Pathways to Excellence in School Food: Improving Participation in the Breakfast Meal Program
August 27, 2013
Improving school breakfast participation, with an eye on the budget.
School food programs across the country are trying to reinvent themselves in response to the critical health needs of students. Over the past year, Healthy Schools Campaign has been working with the Chicago Public Schools to develop a comprehensive plan to achieve excellence in their school meal program. This plan centers around 10 interconnected pathways that are critical to success of every school food program.
This week, we highlight efforts relating to improving breakfast participation and finances of school meal programs. Learn more about the 10 pathways to excellence in school food and to read about Chicago Public Schools’ action plans for achieving excellence in school nutrition.
Like many educators, Ricardo Trujillo, principal of Roosevelt High School, on Chicago’s Northwest Side, understands the importance of giving students a healthy start to the day. So he approached CPS about starting a universal Grab & Go breakfast program at Roosevelt because he knew it would be beneficial for his students, 94 percent of whom are eligible for free or reduced-priced meals.
Serving breakfast at the start of the school day rather than before school allows more students to eat breakfast, the most important meal of the day. The results were almost immediate. When breakfast was offered in the cafeteria before school, only 60 to 70 students ate breakfast every day. Once a Grab & Go breakfast was offered at the beginning of school, participation grew exponentially, with 300 students participating on the first day. Now, Roosevelt averages around 500 students eating breakfast at school every day, or about a third of the student body.
In addition to the impressive spike in numbers, Trujillo says he has noticed positive shifts in student behavior and overall school culture thanks to increased participation in the breakfast program.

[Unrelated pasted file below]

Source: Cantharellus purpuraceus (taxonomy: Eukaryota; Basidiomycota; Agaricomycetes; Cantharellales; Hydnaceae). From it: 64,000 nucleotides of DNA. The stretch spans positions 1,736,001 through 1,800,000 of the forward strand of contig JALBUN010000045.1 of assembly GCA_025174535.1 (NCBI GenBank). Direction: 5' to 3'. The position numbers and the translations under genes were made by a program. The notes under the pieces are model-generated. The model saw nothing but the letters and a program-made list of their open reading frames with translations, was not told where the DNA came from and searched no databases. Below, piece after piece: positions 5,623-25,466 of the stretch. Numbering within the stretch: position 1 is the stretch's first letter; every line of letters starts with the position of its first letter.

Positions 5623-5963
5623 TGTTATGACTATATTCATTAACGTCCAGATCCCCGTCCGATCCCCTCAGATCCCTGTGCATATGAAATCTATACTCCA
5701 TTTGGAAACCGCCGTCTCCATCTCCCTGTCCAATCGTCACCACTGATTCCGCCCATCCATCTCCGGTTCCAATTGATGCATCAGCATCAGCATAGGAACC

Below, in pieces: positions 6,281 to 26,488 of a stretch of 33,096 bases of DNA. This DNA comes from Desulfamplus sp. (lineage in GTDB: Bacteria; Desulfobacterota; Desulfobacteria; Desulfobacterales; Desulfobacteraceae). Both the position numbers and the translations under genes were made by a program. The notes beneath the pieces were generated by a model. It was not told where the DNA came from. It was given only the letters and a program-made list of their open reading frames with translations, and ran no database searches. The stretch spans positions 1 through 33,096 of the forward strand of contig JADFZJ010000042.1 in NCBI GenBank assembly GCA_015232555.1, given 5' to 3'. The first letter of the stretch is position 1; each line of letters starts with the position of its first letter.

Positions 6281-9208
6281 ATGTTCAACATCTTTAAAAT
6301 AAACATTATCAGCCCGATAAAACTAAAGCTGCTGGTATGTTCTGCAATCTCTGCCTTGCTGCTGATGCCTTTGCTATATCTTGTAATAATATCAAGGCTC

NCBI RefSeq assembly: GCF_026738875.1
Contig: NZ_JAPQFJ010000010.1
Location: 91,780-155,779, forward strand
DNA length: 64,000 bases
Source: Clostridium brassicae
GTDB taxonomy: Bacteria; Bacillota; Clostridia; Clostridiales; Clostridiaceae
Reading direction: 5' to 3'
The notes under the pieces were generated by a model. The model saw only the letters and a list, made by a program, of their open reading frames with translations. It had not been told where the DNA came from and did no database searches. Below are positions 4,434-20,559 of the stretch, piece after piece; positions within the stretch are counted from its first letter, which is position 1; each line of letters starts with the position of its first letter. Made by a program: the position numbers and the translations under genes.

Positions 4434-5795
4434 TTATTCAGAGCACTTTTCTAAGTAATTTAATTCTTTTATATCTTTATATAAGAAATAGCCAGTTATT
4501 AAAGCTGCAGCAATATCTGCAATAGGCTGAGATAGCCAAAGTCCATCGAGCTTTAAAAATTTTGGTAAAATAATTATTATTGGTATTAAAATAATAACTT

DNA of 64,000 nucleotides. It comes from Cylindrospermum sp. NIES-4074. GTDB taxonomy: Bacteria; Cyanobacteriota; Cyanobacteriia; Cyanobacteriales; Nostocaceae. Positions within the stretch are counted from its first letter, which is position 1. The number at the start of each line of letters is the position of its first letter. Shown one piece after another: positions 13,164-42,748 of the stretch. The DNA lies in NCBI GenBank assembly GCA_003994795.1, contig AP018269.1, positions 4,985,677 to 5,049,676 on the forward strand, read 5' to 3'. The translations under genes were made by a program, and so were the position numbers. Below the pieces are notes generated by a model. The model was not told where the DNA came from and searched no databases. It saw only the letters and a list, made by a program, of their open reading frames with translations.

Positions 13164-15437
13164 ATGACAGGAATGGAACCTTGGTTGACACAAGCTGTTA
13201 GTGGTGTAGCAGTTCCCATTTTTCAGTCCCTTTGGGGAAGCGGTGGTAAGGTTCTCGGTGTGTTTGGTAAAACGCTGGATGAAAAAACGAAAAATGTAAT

Programs that increase breakfast participation among high school students have multiple benefits. First, and most importantly, they provide high school students, a group unlikely to have eaten breakfast at home, with a healthy breakfast. Studies show that eating breakfast is directly related to higher academic achievement.
Providing students with breakfast at school encourages the development of this important habit. Secondly, increasing student participation in the meal program supports the financial health of the overall school food program. “We have a group of students that arrive at school to spend time with their friends and eat breakfast,” Trujillo says. “We see a lot of cultural value that happens in that meal-sharing.”
As you learn in any business class, economies of scale are important to improving the financial performance of any program. This is also true for the school meal program where increasing the number of meals served decreases the cost of each meal since you are spreading the fixed costs over more meals served. Encouraging more students to eat breakfast is a win-win, serving nutritious meals to more students while improving the overall finances of the school meal program.